As usual, clouds quickly moved in and we began our decent. We hiked 15km downhill past prayer flags, terraced fields, greenhouses and through quant mountain villages. Although we didn’t spot any red pandas, black panthers or snow leopards on our trek, we saw some beautiful rhododendron and magnolia trees. We appreciated the pristine forest and waterfalls, as this seems to be rare in Asia. That evening, we stayed with a Nepali family just past Timburay and had an authentic homestay experience. We helped the family cook, got laughed at when trying to speak Nepali, drank a lot of tea and tried homemade fruit wine.
Within a few hours 7 Indian tourists from Kolkata and their Nepali guide arrived. The dynamic quickly changed as the family and guides quickly knew they were in for an evening. The tourists asked for chicken, which the Buddhist family reluctantly cooked, and the killing process definitely created some tension. The men began to drink and the mood changed. As I helped the mother of the house and her 10 year old Indian helper cook, I was told by 2 guides and the mother not to enter the other room where the men (including Nick and the guides were drinking). Nick had a unique experience, dancing, singing and interacting with these young guys. I too had an interesting experience, as it was the first time I was asked not to enter an area as my gender made it inappropriate. Unsure whether or not their was validity to this racial profiling, I felt a little uncomfortable. The family set up a small table for Nick and I to eat in the kitchen, as they wanted us separated from the other tourists. A unique dynamic that ended up more exaggerated than necessary, our privacy felt valued by our host and guides.
The next morning we drank more tea and trekked to Rimbick where we caught a jeep back to Darjeeling. The 4-hour journey down single lane switchback roads was chaotic considering the fact that there were 17 people squeezed inside and on top of the jeep.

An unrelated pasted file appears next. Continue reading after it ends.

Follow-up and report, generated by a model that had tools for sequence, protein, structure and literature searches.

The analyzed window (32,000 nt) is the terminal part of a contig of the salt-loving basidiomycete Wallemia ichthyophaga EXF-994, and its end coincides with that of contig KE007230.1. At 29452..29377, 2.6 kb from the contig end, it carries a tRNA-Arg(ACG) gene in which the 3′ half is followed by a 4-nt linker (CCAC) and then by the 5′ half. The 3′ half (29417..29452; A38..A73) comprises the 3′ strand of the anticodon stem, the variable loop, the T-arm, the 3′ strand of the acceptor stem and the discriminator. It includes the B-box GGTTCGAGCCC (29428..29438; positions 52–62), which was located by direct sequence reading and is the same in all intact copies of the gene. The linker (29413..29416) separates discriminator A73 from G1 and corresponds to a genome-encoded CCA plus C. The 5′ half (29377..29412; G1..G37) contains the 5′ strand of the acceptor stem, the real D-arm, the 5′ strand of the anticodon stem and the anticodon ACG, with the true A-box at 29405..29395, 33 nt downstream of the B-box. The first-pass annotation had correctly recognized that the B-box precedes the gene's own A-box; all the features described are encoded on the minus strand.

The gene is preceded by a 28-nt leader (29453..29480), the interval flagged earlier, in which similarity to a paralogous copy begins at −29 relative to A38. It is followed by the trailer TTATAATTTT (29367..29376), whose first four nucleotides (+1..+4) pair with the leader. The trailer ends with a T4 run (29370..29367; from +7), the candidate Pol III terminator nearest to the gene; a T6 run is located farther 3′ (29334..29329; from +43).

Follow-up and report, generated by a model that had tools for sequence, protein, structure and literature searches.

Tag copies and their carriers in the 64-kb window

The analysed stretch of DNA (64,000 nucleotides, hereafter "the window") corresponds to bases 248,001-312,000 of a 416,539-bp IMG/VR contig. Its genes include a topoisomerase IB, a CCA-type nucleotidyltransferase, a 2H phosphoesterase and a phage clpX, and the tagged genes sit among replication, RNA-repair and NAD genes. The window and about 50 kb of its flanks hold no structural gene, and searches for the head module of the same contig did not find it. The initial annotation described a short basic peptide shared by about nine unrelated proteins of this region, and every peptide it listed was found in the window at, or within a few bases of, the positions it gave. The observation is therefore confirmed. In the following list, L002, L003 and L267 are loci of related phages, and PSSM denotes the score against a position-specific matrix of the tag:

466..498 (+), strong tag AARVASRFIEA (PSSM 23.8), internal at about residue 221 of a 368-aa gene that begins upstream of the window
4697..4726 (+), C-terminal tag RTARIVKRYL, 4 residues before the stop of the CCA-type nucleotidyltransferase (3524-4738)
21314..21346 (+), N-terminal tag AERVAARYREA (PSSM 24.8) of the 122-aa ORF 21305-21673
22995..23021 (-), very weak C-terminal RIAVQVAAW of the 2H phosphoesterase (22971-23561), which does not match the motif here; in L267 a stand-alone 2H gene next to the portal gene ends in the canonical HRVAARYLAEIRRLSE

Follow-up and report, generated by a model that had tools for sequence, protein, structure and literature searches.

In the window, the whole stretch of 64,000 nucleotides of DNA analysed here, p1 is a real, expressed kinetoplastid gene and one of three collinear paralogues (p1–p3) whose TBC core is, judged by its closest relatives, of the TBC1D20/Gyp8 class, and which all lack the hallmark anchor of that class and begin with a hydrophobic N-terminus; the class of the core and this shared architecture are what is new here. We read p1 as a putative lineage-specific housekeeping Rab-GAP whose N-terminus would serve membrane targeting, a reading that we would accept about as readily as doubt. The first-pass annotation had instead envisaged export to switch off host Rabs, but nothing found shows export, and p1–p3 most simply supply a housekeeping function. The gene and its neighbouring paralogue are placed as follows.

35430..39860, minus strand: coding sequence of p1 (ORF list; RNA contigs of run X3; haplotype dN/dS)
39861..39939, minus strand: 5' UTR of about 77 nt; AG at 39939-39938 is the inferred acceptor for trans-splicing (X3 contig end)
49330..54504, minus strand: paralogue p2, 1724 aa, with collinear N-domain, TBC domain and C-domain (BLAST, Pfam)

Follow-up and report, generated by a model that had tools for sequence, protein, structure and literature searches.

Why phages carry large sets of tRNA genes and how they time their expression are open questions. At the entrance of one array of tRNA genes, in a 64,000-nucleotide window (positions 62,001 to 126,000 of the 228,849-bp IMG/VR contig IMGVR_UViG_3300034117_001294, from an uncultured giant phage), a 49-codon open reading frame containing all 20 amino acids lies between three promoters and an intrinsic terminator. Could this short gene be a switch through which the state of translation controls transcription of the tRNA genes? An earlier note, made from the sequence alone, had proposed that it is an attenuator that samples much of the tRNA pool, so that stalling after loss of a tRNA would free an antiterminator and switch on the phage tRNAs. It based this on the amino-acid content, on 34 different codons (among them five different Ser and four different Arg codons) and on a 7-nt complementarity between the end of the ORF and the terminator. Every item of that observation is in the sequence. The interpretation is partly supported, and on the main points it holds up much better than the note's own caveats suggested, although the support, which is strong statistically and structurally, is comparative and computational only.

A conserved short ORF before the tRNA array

On our last day in Darjeeling, we hiked to a tea plantation. Although the factory was closed, we walked through tea bushes and observed the farmland being used by the community. Next, we walked to the zoo, as this was mandatory in order for us to visit the Himalayan Mountain Institute. Although not supporters of zoos, this was our favorite we’ve seen on our trip. We saw a massive Bengal tiger, snow leopards (that are part of a breeding program), red pandas, black leopards and Himalayan wolves. After, we walked around the HMI and visited the museum. Looking at the primitive gear used by Tenzing Norgay to submit Mt. Everest in 1953, it became obvious that extreme mountaineering takes tremendous mental determination, rather than access to high tech gear. Later that day we visited the Tibetan Refugee Self Help Center. Tibetans living in exile make up this community and where the 14th Dahlia Lama resided before moving to Dharmsala. We watched them dry wool, use vegetable dyes and weave carpets, which the profits benefitted the community.
As always, we maximized our 5 days in Darjeeling and Nick did a fantastic job planning! I am thankful to have a travel partner that not only makes sure we see every site (economically) but also buys me ice cream at 7am when we get off of overnight transit=)
-Check out the Oxford bookshop, silver jewelry shop and Golden Tip tea store all in the town square